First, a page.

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Schools now require letter grades for kindergarten students

Ohanian Comment: Read this entire article, as the outrage just builds. I teared up when I read what's being done to five year olds. Train children early that they are unworthy, that they don't measure up to corporate demands. Can you imagine: "Johnny, you got a D+ on Show and Tell today."

To make an A, kindergartners at Mobile's E.R. Dickson Elementary School, for example, must speak in complete sentences during show-and-tell and use descriptive words.
Note: Teachers, the people who know a lot about young children, were told of the new policy in August. Were told.

Maybe anyone who can say "It's like a prescription. You see where your problem areas are and you reteach" has been at Central Office for too long. Here's one loony this formula is:
"Before, if my kids wrote, 'Apples are red,' I was excited," Wingard said. "But if they write that same sentence in the week when we're writing narratives" they get a low grade. "It's descriptive, not narrative."

In Mobile do they have a rule that narrative writing can't include descriptive words? Gee, did Henry David Thoreau write narrative or descriptive? And should kindergartners care about such artificial, nonsensical distinctions?

Kudos to 24-year-veteran teacher Vivian Schultz for speaking up. And to Phyllis Wingard, former Alabama Elementary Teacher of the Year.

By Rena Havner

Kindergartners in Mobile County's public schools may not yet know all of their ABC's, but now the students are required to receive actual letter grades in every subject almost weekly.

It's part of a new systemwide requirement that has teachers redoing the way they assess kindergartners.

To make an A, students at Mobile's E.R. Dickson Elementary School, for example, must speak in complete sentences during show-and-tell and use descriptive words.

Points are lost if the teacher has to prompt the student to speak.

"They're not going to make a 100 if I have to say, 'And then what did you do with it?'" said Vivian Schultz, who has been teaching kindergarten for 24 years and has some concerns with the new grading policy.

Schultz and some other kindergarten teachers have voiced frustration over the new requirements, pointing out that these same kids are just now learning to sit still during class and to tie their shoes.

School system officials say the new grading procedure better prepares the students for first grade and beyond. And, because teachers must often post the grades online, parents are able to keep up with how well their children are performing.

Mobile County Public School System officials said they derived the new rules for grading kindergartners from a policy adopted by the Mobile County school board in 1974. That policy states that students of all ages must be graded in a way that is easy for parents, students and teachers to understand whether progress is being made.

From there, a committee of educators came up with the new grading guidelines, said Diane Allgood, an early childhood resource teacher who works at the school system's central offices at Barton Academy.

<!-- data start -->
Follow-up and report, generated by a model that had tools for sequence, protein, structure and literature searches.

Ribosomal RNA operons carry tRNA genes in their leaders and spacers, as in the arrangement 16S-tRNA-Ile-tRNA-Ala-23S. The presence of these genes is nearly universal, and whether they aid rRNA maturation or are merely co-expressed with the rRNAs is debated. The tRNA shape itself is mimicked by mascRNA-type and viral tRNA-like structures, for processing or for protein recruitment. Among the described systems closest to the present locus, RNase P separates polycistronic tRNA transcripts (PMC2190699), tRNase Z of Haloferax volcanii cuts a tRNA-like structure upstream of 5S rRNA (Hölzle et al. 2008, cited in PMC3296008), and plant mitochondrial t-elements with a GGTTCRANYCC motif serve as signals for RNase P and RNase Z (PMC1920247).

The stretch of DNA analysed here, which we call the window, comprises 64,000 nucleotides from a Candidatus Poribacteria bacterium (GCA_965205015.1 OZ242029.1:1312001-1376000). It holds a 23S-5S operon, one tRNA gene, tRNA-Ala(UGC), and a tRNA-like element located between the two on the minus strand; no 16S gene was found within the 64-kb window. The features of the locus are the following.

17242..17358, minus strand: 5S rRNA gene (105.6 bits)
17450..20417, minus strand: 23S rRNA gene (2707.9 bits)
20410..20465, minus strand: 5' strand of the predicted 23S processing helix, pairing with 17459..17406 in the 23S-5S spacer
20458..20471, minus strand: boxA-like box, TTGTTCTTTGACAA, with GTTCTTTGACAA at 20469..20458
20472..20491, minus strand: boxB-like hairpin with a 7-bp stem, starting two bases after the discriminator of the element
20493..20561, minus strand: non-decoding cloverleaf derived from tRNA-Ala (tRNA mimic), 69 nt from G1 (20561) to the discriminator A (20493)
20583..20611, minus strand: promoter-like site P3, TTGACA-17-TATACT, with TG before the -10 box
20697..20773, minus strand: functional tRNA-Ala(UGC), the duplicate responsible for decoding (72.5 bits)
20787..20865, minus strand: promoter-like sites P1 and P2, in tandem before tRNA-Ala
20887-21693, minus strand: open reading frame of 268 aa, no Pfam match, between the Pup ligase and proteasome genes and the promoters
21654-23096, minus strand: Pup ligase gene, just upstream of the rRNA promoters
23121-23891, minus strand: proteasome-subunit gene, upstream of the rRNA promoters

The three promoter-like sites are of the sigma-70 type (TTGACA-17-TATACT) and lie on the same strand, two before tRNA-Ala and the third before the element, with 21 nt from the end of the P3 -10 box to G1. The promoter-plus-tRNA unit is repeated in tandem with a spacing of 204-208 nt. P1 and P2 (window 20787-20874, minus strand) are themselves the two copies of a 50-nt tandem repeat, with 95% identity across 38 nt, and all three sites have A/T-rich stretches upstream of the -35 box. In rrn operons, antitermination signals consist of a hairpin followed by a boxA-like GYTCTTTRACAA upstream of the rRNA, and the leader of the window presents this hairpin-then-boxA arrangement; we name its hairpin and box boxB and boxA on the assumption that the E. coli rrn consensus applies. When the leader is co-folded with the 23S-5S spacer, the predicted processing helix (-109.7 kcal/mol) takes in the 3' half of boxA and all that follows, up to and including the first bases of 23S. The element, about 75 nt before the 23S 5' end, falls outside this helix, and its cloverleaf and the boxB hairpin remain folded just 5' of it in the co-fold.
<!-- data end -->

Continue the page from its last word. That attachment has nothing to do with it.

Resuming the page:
Students now must take a test or receive some kind of other major grade almost weekly in five key subjects: reading, language, math, science and social studies. The students make actual number grades, such as a 95 or an 82, that are assigned a letter value, either A, B, C, or M (which stands for meeting "minimal" standards). M is the lowest grade kindergartners can receive.

Teachers were told of the new policy, Schultz said, in August as they returned to school a few days before their students. They had to adjust their lesson plans accordingly.

The result, said Schultz: "Teach, teach; test. Teach, teach; test."

Allgood said the grades don't necessarily have to be the results of tests. She said teachers can give out grades based on their observations of how the students are doing in class. Teachers can also grade students on classroom activities that demonstrate the skills.

To see if kindergarten students recognize capital and lowercase letters, for example, Allgood said, teachers could print out letters. Students could then cut those letters out and match the lowercase "a" with the uppercase "A."

Assessing students more often this way could help teachers know which skills the children are grasping and what they need to spend more time teaching, Allgood said.

"It's like a prescription. You see where your problem areas are and you reteach," she said.

Allgood said some teachers have expressed opposition to the new grading requirement because it's different from what they're accustomed to. "It's hard, like any change," she said.

While the policy is in effect for kindergarten through 12th grades, teachers of the youngest students seem to be the most upset. A group of kindergarten teachers from E.R. Dickson -- not including Schultz -- attended a school board meeting a few months back to voice their displeasure with the policy, which required them to start grading students in the second week of school. A few weeks later, retired teacher Diane Martin addressed the board, saying that she was speaking on behalf of kindergarten teachers who were afraid to voice opposition. "These students need to be learning how to stand in line and how to hold a cafeteria tray. If they don't know the color green, does that mean they failed?" Martin said. "We need to get them in there learning, excited about school, not worrying about if they made a zero."